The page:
Rémy Martin challenged bartenders across the country to reimagine the Cognac cocktail in the Equal Parts National Cocktail Competition. Drawing on their skills, creativity and sense of storytelling, America’s top bar talent submitted recipes inspired by Rémy’s storied history, terroir and unique flavor profile. Devin Kennedy took first place in the national finals in September.
For Devin Kennedy, sometimes less is more. “It’s not just about putting stuff in a cocktail just to put stuff in,” explains the Pouring Ribbons bartender, who describes his drink-making style as “very simple.”
To that end, his Metropolis cocktail is a straightforward riff on a timeless classic: The Metropole, a Cognac-based Manhattan variation named for New York’s historic hotel of the same name, which closed in 1912.
His streamlined approach has been honed over the course of his career. The Washington D.C. native first moved to New York in 2013 to attend film school, taking on a restaurant job to help offset his expenses. (“Basically, you’re funding your own film, and it comes out of pocket,” he recalls.) In the end, he decided not to pursue film school after all. “I said, ‘I just want to do this,’” he remembers of the allure of hospitality. “I liked the unusual hours, the learning about the world through food and beverage culture; I liked hosting and serving people.”
At first, he leaned into the wine side of the business, earning his sommelier certification in 2015. While he enjoyed the romance of wine, he was far less enamored of the pressure to upsell more expensive bottles. So he took what he had learned about various spirits and liqueurs from his somm classes, and transitioned into bartending, first stepping behind the bar at Midtown restaurant Indian Accent. “I never had a wine job after that,” recalls Kennedy. Stints at Grand Army Bar and Union Square Cafe followed. In 2018, he was part of the opening team for Korean steakhouse Cote. One year (and one Michelin star) later, Kennedy joined Pouring Ribbons.
In brief, he distills what he’s learned over the years into a simple mantra: “Know what’s on your backbar and how to use it.”
This rule is played out in his Metropolis. Constructed in the austere style of a Manhattan, the drink starts with 2 ounces of Rémy Martin 1738 Cognac, which adds “confectionary and fruit notes,” says Kennedy. He then splits the vermouth component between Carpano Antica and cream sherry, which “plays as a sweetener but adds acidity and nuttiness as well.” In addition, the vanilla-forward Carpano and the sherry echo the flavors of the Rémy Martin Cognac. A teaspoon of pear brandy rounds it out—“like salt and pepper”—while a rich demerara sugar syrup adds a slightly weighty texture, a trick he picked up from Pouring Ribbons proprietor Joaquín Simó.
No garnish, no house-made tinctures or infusions—just a twist of lemon peel over the top acts as an aromatic finishing touch. “It can be made pretty much anywhere; it’s not made with proprietary things,” explains Kennedy. In other words, it’s a study in considered simplicity.
Current occupation: Bartender and partner in Tiki & Slow Jams.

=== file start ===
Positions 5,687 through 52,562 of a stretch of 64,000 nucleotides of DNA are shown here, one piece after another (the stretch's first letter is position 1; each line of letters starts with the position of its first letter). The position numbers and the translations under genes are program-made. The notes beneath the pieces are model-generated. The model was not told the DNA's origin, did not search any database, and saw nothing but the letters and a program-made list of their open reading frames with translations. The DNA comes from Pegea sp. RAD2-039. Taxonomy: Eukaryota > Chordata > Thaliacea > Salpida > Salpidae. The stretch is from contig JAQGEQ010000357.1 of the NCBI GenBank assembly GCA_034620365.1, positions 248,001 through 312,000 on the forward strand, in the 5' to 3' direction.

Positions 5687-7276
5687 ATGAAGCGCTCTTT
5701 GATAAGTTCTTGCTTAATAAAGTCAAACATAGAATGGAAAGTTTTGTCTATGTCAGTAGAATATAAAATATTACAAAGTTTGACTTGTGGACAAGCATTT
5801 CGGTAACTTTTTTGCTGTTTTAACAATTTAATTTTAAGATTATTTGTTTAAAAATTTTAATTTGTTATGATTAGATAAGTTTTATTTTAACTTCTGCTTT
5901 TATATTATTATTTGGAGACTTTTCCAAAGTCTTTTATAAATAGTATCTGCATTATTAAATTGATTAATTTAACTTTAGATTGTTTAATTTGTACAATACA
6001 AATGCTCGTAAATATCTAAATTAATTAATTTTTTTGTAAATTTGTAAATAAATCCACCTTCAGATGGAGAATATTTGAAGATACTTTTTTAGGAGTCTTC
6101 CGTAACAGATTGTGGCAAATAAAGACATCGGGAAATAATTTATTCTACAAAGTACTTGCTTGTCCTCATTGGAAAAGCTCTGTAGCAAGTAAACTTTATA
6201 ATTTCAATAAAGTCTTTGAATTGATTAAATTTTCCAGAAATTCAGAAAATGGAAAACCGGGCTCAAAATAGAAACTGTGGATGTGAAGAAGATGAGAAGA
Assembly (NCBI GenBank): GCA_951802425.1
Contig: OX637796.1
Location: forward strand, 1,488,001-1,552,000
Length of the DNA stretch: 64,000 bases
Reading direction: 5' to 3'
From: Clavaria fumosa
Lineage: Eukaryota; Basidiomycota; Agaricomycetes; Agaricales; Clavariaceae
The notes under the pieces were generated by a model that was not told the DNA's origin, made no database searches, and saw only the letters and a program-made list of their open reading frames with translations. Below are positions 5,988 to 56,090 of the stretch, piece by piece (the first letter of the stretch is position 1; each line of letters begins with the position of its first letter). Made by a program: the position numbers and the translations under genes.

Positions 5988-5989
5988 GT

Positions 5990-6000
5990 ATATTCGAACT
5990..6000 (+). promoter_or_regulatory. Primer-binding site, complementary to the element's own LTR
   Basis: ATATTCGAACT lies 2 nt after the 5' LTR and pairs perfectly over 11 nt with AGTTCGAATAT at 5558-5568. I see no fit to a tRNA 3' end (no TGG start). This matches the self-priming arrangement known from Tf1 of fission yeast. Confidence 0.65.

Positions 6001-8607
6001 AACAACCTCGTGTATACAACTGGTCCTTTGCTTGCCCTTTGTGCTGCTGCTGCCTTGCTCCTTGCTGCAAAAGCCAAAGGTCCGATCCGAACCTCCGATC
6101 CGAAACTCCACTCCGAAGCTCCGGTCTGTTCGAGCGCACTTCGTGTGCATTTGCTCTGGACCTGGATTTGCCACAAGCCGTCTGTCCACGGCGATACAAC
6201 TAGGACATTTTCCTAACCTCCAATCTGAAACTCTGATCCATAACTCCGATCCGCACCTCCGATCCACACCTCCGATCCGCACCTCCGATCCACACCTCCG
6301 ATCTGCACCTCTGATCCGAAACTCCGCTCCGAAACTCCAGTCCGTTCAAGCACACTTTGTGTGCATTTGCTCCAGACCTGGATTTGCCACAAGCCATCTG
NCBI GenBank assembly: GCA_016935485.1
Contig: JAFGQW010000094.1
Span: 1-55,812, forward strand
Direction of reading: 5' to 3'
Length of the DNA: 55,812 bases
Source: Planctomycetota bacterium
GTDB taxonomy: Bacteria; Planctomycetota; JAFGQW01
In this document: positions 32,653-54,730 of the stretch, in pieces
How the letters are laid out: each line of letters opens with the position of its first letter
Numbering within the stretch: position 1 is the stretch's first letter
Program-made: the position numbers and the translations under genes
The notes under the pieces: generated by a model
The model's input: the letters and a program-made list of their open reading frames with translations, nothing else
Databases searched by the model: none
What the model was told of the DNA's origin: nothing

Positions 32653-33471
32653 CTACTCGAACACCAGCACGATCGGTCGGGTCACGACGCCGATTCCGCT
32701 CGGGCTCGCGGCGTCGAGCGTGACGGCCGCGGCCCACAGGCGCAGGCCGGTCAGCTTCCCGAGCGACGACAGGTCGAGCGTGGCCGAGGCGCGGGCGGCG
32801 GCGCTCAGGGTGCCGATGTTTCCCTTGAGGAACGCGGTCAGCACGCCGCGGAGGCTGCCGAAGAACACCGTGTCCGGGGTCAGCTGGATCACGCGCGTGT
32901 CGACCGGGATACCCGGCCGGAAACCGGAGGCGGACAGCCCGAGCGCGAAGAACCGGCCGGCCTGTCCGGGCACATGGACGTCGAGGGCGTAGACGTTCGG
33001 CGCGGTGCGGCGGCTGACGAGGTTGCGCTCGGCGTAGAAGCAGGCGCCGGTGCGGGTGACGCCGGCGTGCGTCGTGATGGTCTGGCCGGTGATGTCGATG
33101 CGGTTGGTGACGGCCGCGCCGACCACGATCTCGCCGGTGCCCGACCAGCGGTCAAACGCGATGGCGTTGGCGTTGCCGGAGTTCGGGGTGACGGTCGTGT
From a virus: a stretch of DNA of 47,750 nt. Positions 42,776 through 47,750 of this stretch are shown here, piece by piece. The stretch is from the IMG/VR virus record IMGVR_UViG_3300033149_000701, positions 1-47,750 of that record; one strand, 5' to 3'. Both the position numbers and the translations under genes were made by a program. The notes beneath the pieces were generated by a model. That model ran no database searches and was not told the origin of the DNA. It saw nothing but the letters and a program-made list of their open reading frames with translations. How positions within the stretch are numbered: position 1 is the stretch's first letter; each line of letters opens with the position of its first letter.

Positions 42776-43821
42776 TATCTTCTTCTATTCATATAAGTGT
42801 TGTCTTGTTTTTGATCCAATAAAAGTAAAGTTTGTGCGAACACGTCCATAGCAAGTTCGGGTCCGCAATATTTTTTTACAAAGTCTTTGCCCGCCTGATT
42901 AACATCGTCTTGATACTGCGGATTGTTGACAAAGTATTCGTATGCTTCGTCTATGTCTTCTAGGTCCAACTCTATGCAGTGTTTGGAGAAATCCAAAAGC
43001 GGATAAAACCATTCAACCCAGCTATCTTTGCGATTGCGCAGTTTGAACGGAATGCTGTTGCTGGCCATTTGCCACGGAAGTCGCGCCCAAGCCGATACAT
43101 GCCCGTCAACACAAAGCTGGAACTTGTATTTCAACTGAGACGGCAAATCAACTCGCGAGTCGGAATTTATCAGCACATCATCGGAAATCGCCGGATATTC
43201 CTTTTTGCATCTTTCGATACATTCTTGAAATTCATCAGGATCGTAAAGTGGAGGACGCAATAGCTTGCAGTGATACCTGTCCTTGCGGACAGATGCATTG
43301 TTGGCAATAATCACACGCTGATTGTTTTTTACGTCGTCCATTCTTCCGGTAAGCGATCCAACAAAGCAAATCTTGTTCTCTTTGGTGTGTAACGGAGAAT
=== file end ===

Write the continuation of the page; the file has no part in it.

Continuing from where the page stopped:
What do you want to be when you grow up? Landscape photographer for a travel website or magazine.
What’s your favorite Cognac cocktail? Sazerac.
Tell us about your drink. Metropolis was a loose play on the Metropole cocktail. I would put this in the Manhattan family. All the ingredients echo the notes in the Rémy Martin 1738, which creates a nice wave of flavor on the palate.
Best thing you ever drank: Bollinger Grande Année 1990. Birth year wine. Shit was butter.
Worst thing you ever drank: Apple cider vinegar shots. It’s awful … but I love it at the same time.
If you had to listen to one album on loop, for the rest of your life, what would it be? Kamasi Washington, Harmony Of Difference. It’s perfect.
What’s the weirdest hobby you currently have or have had? I was in an a cappella group in high school for a year. I couldn’t sing well, but I could hit all the baritone notes. It was actually pretty fun.
What do you know now that you wish you’d known five years ago? Save that after-work drinking money over the years for some new adventures.
Weirdest cocktail experiment you’ve ever attempted: Making a mango lassi in an iSi canister. First couple versions were not great.
What’s your favorite thing to do when you’re not eating, drinking or drink-making? Huge movie person. Concerts, art exhibits and anime.
Weirdest drink request you’ve ever gotten: Spicy Old-Fashioned.
Your favorite bar, and why: Pouring Ribbons is my favorite bar. I wouldn’t want to work at any other bar in NYC. I can confidently say that. Delicious things to eat and drink, diverse staff, great music, chill atmosphere. If I were to pick a bar not my own, Lost Lake for the exact same reasons.
Best meal you’ve ever had: Dinner in the cellars of Lustau in Jerez. It was unreal. I kept asking myself, “How the hell did I end up here?”
What’s your go-to drink in a cocktail bar? Usually something stirred. Sazeracs or Vieux Carré.
Wine bar? Anything from Rioja or from the Rhône Valley.
In a dive bar? Reposado rocks or tequila soda.
The one thing you wish would disappear from drink lists forever: Reserve cocktails.
The last text message you sent: “Worddddd.”